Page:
Getting to Campus A number of shuttle services are available to area airports and bus terminals. This service is normally available 24 hours a day, seven days a week. Local vendors include: • Executive Town Car and Limousine Services Inc., Roanoke (888) 854-1998 • Roanoke Airport Limousine Service, (800) 288-1958 During scheduled breaks, students should also consult or Estimated Travel Times: 55 minutes from Roanoke, Virginia 1 1/4 hour from Charlottesville, Virginia 2 1/2 hours from Richmond, Virginia 3 hours from Washington, D.C. 3 1/2 hours from Charleston, West Virginia 4 hours from Charlotte, North Carolina

Restaurants Lexington offers many choices, most within walking distance of campus, but restaurants can be crowded on busy weekends. Please make reservations well in advance. Here is a partial list. Bistro on Main: Located downtown at 8 N. Main St. Casual dining with a southwestern flair. (540) 464-4888 Café Michel: 640 N. Lee Hwy. French fare. (540) 464-4119 Canton Chinese Restaurant: Located at 2172 Sycamore Ave. in Buena Vista, just a few miles from campus. (540) 261-1886 Crystal Chinese Restaurant: 1225 N. Lee Hwy. (540) 464-1828 Domino’s Pizza: Delivers to colleges, hotels, and homes. (540) 463-7375 Don Tequila: 455 E. Nelson St., Mexican fare. (540) 463-3289 Joyful Spirit Café: 26 S. Main St., downtown Lexington. Veggie wraps, salads, etc. Take-out. (540) 463-4191 Macado’s: 30 Main St., downtown Lexington. Appetizers, sandwiches, chicken wings etc. (540) 464-8200 Salerno’s: 115 S. Jefferson St, Lexington. Pizzas, subs, deli, Italian fare. (540) 463-5757 Sheridan Livery: 35 N. Main St., downtown Lexington. American and Italian cuisine. Outdoor terrace dining. (540) 464-1887 Southern Inn: 37 S. Main St., downtown Lexington. American and European cuisine. (540) 463-3612 13

The Palms: 101 W. Nelson St. in downtown Lexington. American fare, popular with students. (540) 463-7911 Todd’s Barbecue: 1176 Magnolia Ave. Buena Vista. Also offers catering services. (540) 261-7427 Tuscany: 24 N. Main St., downtown Lexington. Italian cuisine with daily lunch specials.(540) 463-9888

Lodging Following is a partial list of area hotels. Please visit our Web site at parents.wlu. edu for additional choices and a list of local bed-and-breakfast establishments. America’s Best Value Inn: 2814 N. Lee Hwy. Lexington..............(540) 463-6666 Best Western Lexington Inn: 850 N. Lee Hwy. Lexington............(540) 458-3020 Best Western Inn at Hunt Ridge: 25 Willow Springs Rd. Lexington ..........................................................................................(540) 464-1500 . ..........................................................................................(800) 528-1234 Comfort Inn: 62 Comfort Way, Lexington................................ (540) 463-7311 Country Inn and Suites: 875 N. Lee Hwy. Lexington.................(540) 464-9000 EconoLodge: U.S. 11 N. Lexington............................................(540) 463-7371 Hampton Inn Col Alto: 401 E. Nelson St., Lexington.................(540) 463-2223 Historic Country Inns: 3 W. Washington St., Lexington.............(540) 463-2044 Holiday Inn Express: 880 N. Lee Hwy. Lexington......................(540) 463-7351 Howard Johnson: 2836 N. Lee Hwy. Lexington.........................(540) 463-9181 Magnolia House Inn: 501 S. Main St. Lexington........................(540) 463-2567 Natural Bridge Inn and Conference Center: U.S. 11 Natural Bridge ..........................................................................................(800) 533-1410 . ..........................................................................................(540) 291-2121 Sheridan Livery: 35 N. Main St., Lexington...............................(540) 464-1887 Sleep Inn & Suites: 95 Maury River Rd., Lexington...................(540) 463-6000 Wingate Inn: 1100 N. Lee Hwy. Lexington ..............................(540) 464-8100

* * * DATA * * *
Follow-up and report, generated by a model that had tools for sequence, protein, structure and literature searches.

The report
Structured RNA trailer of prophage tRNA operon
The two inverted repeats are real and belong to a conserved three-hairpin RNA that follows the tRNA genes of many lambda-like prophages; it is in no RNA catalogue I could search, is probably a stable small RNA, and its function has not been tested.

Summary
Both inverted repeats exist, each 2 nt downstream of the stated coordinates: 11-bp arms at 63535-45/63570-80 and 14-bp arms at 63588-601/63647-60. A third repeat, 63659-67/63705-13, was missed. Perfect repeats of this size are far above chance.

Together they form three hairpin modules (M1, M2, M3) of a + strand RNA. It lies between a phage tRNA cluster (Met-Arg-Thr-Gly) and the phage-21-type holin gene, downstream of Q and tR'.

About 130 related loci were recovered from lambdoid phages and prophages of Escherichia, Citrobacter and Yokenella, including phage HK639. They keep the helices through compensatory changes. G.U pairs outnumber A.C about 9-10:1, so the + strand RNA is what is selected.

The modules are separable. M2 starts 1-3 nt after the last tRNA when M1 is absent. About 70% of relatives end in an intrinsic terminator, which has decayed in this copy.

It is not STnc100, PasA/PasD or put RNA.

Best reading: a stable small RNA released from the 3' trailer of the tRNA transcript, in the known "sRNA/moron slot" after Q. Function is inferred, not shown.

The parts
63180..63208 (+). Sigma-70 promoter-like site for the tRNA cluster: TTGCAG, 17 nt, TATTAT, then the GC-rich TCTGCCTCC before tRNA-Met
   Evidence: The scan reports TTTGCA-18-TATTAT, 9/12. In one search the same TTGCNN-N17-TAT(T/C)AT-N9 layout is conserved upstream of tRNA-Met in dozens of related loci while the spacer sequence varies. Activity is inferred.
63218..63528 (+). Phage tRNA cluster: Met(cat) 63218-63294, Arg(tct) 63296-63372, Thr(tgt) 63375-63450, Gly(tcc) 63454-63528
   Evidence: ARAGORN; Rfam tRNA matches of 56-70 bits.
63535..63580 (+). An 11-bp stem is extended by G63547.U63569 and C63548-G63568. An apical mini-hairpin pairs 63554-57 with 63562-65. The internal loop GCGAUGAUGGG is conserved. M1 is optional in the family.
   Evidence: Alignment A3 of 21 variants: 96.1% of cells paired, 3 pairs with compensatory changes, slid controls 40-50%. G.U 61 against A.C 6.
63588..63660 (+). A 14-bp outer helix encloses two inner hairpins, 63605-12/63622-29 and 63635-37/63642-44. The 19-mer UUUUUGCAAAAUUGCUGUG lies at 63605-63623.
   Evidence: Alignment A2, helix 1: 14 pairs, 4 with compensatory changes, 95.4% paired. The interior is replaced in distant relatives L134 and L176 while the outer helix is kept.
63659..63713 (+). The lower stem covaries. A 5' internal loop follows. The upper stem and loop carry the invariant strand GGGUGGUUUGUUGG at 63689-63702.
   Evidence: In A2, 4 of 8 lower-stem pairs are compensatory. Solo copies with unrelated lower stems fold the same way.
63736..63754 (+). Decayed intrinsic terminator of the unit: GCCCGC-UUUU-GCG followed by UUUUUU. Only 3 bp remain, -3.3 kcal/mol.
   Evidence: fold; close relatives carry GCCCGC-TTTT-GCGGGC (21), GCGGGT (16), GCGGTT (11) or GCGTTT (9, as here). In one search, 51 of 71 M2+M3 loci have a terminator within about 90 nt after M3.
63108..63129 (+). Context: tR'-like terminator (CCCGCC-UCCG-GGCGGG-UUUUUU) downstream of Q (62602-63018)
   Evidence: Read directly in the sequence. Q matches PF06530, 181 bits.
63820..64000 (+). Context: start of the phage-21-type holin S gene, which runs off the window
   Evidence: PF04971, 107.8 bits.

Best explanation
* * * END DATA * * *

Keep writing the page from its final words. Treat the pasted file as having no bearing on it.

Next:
Shopping Downtown Lexington offers a wide selection of gifts, crafts, and local artwork, but clothing and shoe shops are in short supply. Pack with care! Women’s Apparel Molly Gilbride: 7 N. Main St. Pumpkinseeds: 1 N. Main St The Ladies’ Habit: 22 W. Nelson St. The Pappagallo Shop: 23 N. Main St. Things Unique, Inc.:   23 W. Washington St.